Welcome to part 2 of my series on the possibility of treating autistic symptoms with broccoli sprouts. This week we put theory into practice with some tips about how to prepare broccoli and broccoli sprouts in a form on the kitchen table that children with autism might eat. After all, even Pres. George H.W. Bush didn’t like to eat his broccoli. But when it comes to sprouts, we can chop them finely or blend them, and in that way, hide them in the food.
But before we get to hiding it in our food, it bears repeating that sulforaphane found in broccoli and other cruciferous vegetables is a potent anti-oxidant that appears to fight oxidative damage to our cells. There is strong evidence for sulforaphane battling rapidly growing cancer cells, preventing the aging of cells, and possibly fighting off whatever it is that is responsible for the symptoms of autism.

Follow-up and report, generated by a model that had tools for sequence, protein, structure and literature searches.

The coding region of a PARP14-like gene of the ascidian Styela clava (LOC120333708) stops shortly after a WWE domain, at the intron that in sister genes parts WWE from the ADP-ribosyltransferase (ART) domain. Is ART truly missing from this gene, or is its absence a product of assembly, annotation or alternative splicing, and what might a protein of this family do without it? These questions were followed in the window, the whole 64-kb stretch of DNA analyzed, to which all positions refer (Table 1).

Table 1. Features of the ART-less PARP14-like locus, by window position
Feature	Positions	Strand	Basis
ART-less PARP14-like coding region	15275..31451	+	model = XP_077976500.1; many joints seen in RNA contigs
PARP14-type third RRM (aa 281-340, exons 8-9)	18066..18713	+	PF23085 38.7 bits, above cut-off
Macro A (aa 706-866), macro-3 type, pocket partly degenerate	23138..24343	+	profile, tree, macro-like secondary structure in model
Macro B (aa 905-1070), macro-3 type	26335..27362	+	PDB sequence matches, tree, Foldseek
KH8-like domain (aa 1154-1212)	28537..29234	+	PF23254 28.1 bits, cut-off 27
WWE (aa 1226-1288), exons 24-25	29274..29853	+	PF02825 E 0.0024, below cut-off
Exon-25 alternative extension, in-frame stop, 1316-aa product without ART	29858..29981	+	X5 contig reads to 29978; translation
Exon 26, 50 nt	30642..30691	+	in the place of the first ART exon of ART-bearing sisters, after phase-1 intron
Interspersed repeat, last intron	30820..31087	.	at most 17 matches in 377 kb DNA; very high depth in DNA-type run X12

There is a great article that gets into details about sulforaphane from broccoli sprouts in terms of its overall benefits. That article can be found here.
This topic is near and dear to my heart because I happened to be one of those weird kids who no one seemed to have an explanation for. I didn’t speak until I was about six years old. I wouldn’t answer to my name, I ate only a tuna sandwich for lunch every day for two years, and I would often rock in a rocking chair for 3 or 4 straight hours. Now that I am more or less considered “normal”, I’ve become obsessed about why I was the way I was. Is it possible that I am not alone? Probably. By helping kids with autism get better, we can all learn so much from them about how we can treat everyone on the autistic spectrum.
I plan on coming up with my own recipes to hide these broccoli sprouts. So if you want me to email the recipes to you, just send me a note on my website contact page, at Healing Outside the box.